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Liver disease: alcohol and the liver

Alcohol consumption can be a major contributing factor in the development of liver damage; abstinence is the mainstay of treatment for alcoholic liver disease, but therapies such as thiamine also have a role

By Joyeta Das, DipClinPharm

Man drinking beer

 

Liver disease related to alcohol consumption fits into one of three stages — fatty liver (steatosis), alcoholic hepatitis or cirrhosis.

Many factors can influence its development, including genetics and the environment. In general the risk of liver disease increases with the quantity of alcohol consumed and the duration of misuse.

Abstinence is the cornerstone of treatment for alcoholic liver disease; and treatment with thiamine can help to prevent Wernicke’s encephalopathy.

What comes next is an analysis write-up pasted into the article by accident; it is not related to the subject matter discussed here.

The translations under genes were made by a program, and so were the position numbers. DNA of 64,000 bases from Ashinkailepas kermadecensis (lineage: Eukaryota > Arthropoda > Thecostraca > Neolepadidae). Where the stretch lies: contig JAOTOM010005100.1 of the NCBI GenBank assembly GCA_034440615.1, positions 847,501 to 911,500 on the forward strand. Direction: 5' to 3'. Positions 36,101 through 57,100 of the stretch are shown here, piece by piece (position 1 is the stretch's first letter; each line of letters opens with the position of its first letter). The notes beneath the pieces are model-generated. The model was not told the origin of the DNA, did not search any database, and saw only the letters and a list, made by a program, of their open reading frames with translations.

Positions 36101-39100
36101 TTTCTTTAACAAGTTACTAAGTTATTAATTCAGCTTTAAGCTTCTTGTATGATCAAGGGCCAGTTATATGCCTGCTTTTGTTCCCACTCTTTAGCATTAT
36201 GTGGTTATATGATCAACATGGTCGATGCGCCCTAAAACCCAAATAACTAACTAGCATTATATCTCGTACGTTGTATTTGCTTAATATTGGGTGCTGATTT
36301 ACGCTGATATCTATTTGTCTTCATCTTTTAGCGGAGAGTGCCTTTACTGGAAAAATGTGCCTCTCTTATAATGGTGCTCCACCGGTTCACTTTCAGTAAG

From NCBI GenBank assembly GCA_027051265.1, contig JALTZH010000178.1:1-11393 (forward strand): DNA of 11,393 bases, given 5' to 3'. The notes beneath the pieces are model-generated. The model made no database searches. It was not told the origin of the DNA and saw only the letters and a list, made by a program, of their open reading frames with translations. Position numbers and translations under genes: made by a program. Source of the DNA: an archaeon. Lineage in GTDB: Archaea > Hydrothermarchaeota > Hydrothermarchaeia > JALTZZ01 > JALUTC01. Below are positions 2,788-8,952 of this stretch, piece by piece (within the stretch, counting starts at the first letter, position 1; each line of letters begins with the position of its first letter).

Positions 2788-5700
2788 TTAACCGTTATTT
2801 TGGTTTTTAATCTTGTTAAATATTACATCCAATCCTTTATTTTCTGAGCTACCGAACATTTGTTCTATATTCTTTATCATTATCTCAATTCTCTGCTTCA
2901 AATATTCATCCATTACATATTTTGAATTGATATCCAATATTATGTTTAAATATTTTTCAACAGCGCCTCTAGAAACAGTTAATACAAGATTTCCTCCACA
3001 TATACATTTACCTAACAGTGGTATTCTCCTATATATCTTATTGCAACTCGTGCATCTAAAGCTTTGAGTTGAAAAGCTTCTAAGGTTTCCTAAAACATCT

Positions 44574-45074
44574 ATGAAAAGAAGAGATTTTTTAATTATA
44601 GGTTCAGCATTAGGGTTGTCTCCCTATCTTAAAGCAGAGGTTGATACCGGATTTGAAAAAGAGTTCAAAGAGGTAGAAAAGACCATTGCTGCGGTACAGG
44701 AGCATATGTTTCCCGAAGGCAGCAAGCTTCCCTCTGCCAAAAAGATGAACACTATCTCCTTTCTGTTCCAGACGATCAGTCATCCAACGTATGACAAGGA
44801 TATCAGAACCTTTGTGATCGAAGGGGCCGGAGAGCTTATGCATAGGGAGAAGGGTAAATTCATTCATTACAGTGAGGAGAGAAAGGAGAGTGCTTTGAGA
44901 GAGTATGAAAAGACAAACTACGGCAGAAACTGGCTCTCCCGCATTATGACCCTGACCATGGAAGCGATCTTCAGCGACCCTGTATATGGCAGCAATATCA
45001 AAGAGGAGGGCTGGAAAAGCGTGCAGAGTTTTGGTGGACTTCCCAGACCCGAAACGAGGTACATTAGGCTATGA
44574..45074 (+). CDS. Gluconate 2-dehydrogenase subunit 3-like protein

Patients with alcoholic hepatitis may benefit from treatment with corticosteroids or pentoxifylline, although the best treatment approach is subject to debate.

Complications of cirrhosis are treated as for patients with non-alcoholic liver disease. 

Joyeta Das is lead pharmacist for hepatology at Imperial College Healthcare NHS Trust. 

Email:  joyeta.das@imperial.nhs.uk

Citation: Clinical Pharmacist URI: 11074367

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